You are absolutely correct that Ashley Graham is doing a great job as a plus-size model. However, even Ashley Graham is aware that there have been equally talented brown-skinned models who should have gotten as much shine for their own voluptuous curves. If this person only brings up Graham, Jennifer Lopez and/or Kim Kardashian as paving the fashion game, she has never hung out with a real-life Tyra Banks after Victoria’s Secret — or anybody Rihanna is hiring for Fenty x Savage. She may know Lizzo’s “Good As Hell,” but that’s where it ends when it comes to having any idea of black model references — or black beauty overall. (I cringed when an editor wanted me to edit a full story around Graham as the first-ever, plus-size fashion icon. Needless to say, we also had it out about the longevity of the Black Lives Matter movement.)
Would (s)he call him/herself your “black friend”?
Referring back to Thanksgiving with my Japanese friend, my brother’s wife called me out for referring to my college buddy as my “Japanese friend.” She said I wouldn’t call a “black friend” that. I nodded, thinking this was a valid point. So I stopped introducing her that way, only for my friend to bring up Japan several times or to watch the awkward way her own family members asked, “So, um, where are you from?” In my case, it wasn’t to just stunt on the crowd and go, “Ha! I know Japanese people! Boom!” There’s a world of difference between bringing it up to discuss relevant cultural points (at the time, we were discussing kinrōkanshahi and what the difference is) versus just describing physical features. The same goes for someone saying they have a “black friend.” Unless it’s relevant to the conversation — and not a relative you have no control over — know when this person is being the Mark Meadows of the crew.
THE DONE-HUMORING-YOU “BLACK FRIEND” INVESTIGATION
Have you ever had to have The Talk with your kids?
This wouldn’t normally be a discussion to bring up in casual conversation. But in 2020, there are a lot of Randall-Kate conversations going on. (“This Is Us” is such an amazing show.) You already know that white parents don’t usually have to have this conversation. But that doesn’t mean they don’t know what it is. Some white folks are using their artistic talents to show how much they understand — years before Trump was in the White House.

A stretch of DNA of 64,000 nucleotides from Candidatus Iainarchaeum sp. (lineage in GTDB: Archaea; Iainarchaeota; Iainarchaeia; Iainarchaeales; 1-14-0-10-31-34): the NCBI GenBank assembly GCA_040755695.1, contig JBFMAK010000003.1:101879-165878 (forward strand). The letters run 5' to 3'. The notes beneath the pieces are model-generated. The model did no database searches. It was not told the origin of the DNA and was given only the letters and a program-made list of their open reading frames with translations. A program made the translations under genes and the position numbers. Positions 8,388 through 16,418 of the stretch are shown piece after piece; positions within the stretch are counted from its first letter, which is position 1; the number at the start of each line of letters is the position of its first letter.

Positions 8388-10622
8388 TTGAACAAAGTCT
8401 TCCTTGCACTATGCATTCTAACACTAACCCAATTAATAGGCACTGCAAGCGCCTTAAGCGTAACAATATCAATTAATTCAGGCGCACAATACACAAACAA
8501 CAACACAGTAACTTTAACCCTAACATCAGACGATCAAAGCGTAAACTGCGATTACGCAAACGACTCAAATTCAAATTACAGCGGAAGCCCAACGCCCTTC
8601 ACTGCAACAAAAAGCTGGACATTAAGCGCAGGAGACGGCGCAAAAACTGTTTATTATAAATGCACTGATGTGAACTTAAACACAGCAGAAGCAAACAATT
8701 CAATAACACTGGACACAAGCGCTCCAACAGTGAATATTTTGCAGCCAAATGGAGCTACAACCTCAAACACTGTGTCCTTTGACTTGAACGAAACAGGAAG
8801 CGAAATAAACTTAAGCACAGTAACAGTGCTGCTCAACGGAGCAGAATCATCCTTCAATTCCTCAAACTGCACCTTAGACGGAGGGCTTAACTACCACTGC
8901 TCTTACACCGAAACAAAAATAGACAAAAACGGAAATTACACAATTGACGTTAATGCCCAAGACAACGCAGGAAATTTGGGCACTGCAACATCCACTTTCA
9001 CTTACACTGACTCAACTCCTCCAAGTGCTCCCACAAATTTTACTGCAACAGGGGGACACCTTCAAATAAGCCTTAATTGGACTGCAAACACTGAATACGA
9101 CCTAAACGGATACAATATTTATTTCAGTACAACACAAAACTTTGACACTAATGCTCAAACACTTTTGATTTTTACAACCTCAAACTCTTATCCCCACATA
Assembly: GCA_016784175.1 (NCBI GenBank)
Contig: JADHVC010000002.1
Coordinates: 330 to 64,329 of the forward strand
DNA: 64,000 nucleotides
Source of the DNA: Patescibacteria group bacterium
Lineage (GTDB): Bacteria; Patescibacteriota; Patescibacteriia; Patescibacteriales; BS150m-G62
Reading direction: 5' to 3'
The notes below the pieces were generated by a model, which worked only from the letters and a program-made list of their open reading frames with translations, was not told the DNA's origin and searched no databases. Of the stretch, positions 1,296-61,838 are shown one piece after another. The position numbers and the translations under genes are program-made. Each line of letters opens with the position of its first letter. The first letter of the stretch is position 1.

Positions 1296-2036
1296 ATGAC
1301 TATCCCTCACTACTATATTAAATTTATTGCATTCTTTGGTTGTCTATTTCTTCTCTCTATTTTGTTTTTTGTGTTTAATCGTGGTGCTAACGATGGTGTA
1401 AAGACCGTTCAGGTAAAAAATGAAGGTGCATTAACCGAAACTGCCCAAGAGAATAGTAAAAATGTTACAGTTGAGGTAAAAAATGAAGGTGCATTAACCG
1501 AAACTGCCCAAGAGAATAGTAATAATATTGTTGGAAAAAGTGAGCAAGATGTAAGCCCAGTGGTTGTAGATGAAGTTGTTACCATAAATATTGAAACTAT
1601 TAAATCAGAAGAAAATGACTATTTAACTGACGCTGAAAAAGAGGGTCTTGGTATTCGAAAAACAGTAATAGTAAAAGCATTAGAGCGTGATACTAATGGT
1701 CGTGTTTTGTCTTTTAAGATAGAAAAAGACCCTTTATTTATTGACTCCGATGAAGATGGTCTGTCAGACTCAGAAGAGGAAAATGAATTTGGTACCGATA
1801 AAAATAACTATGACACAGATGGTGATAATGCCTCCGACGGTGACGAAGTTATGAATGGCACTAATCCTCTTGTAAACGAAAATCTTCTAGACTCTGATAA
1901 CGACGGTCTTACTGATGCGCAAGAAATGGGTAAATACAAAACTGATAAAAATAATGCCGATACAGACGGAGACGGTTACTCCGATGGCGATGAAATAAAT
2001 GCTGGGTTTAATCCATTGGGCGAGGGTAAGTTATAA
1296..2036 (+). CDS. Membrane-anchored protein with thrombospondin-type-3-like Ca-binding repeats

But really what you’re looking for is for someone to not bat an eye if you bring up The Talk — because they’ve been there before and had to have a hard discussion with that “black friend.” If it trails off into “I don’t see color” or “everybody is so politically correct,” you’ve gotten your answer. This person only “sees color” when it means they can use their friend to prove just how not racist they are. It’s convenient but ineffective.
It’s a shame how the FBI treated MLK, isn’t it?
I have lost count of the number of times a “black friend” story has been followed up with a Dr. Martin Luther King Jr. quote. They’re almost hand-in-hand and a dull mic drop after the “content of their character” speech. Somehow the one-sided rivalry with the Federal Bureau of Investigation is clean overlooked. But don’t elaborate. Just ask the question and let the “friend of a black friend” discuss how much they know about how this peaceful protester was treated. Or, does the MLK history lesson just summarize that one paragraph in history books?
What are your plans on Columbus Day?
Trick question. If this person still believes Columbus “discovered America” with natives already there, be skeptical of anything else (s)he says. It’s Indigenous People’s Day and nothing else. This is the same explorer who thought the Bahamas was Spain, Cuba was China and Hispaniola was Japan. Anyone who is still feeding into Columbus earning this holiday no doubt believes Africans were “workers” who traveled on a “cruise” and their captivators were “nice to them.” (They also cannot wait to tell you that Africans owned slaves, too, but conveniently leave out it was more like indentured work before the Portuguese got involved and not even slightly as horrific as what U.S. slavery is. Or, that in later centuries, freed slaves used it as a transaction to get their family members and friends out of slavery.) But while places like Ghana are owning up to the slave trade before the French Revolution, there are still U.S. states who want slave trade history removed from history books — all while gloriously celebrating the holiday for an explorer responsible for spreading 30 diseases, wiping out more than 236K indigenous people and killing 25 million people in five years.
I’m trying to figure out my plans for Juneteenth. What’d you and your friend do last year?
If this person doesn’t know what Juneteenth is, just walk away. Not only has the token black friend not done a good job of keeping this person up to speed, but it’s probably Diamond and Silk. And those two are ahead of schedule planning for Columbus Day anyway.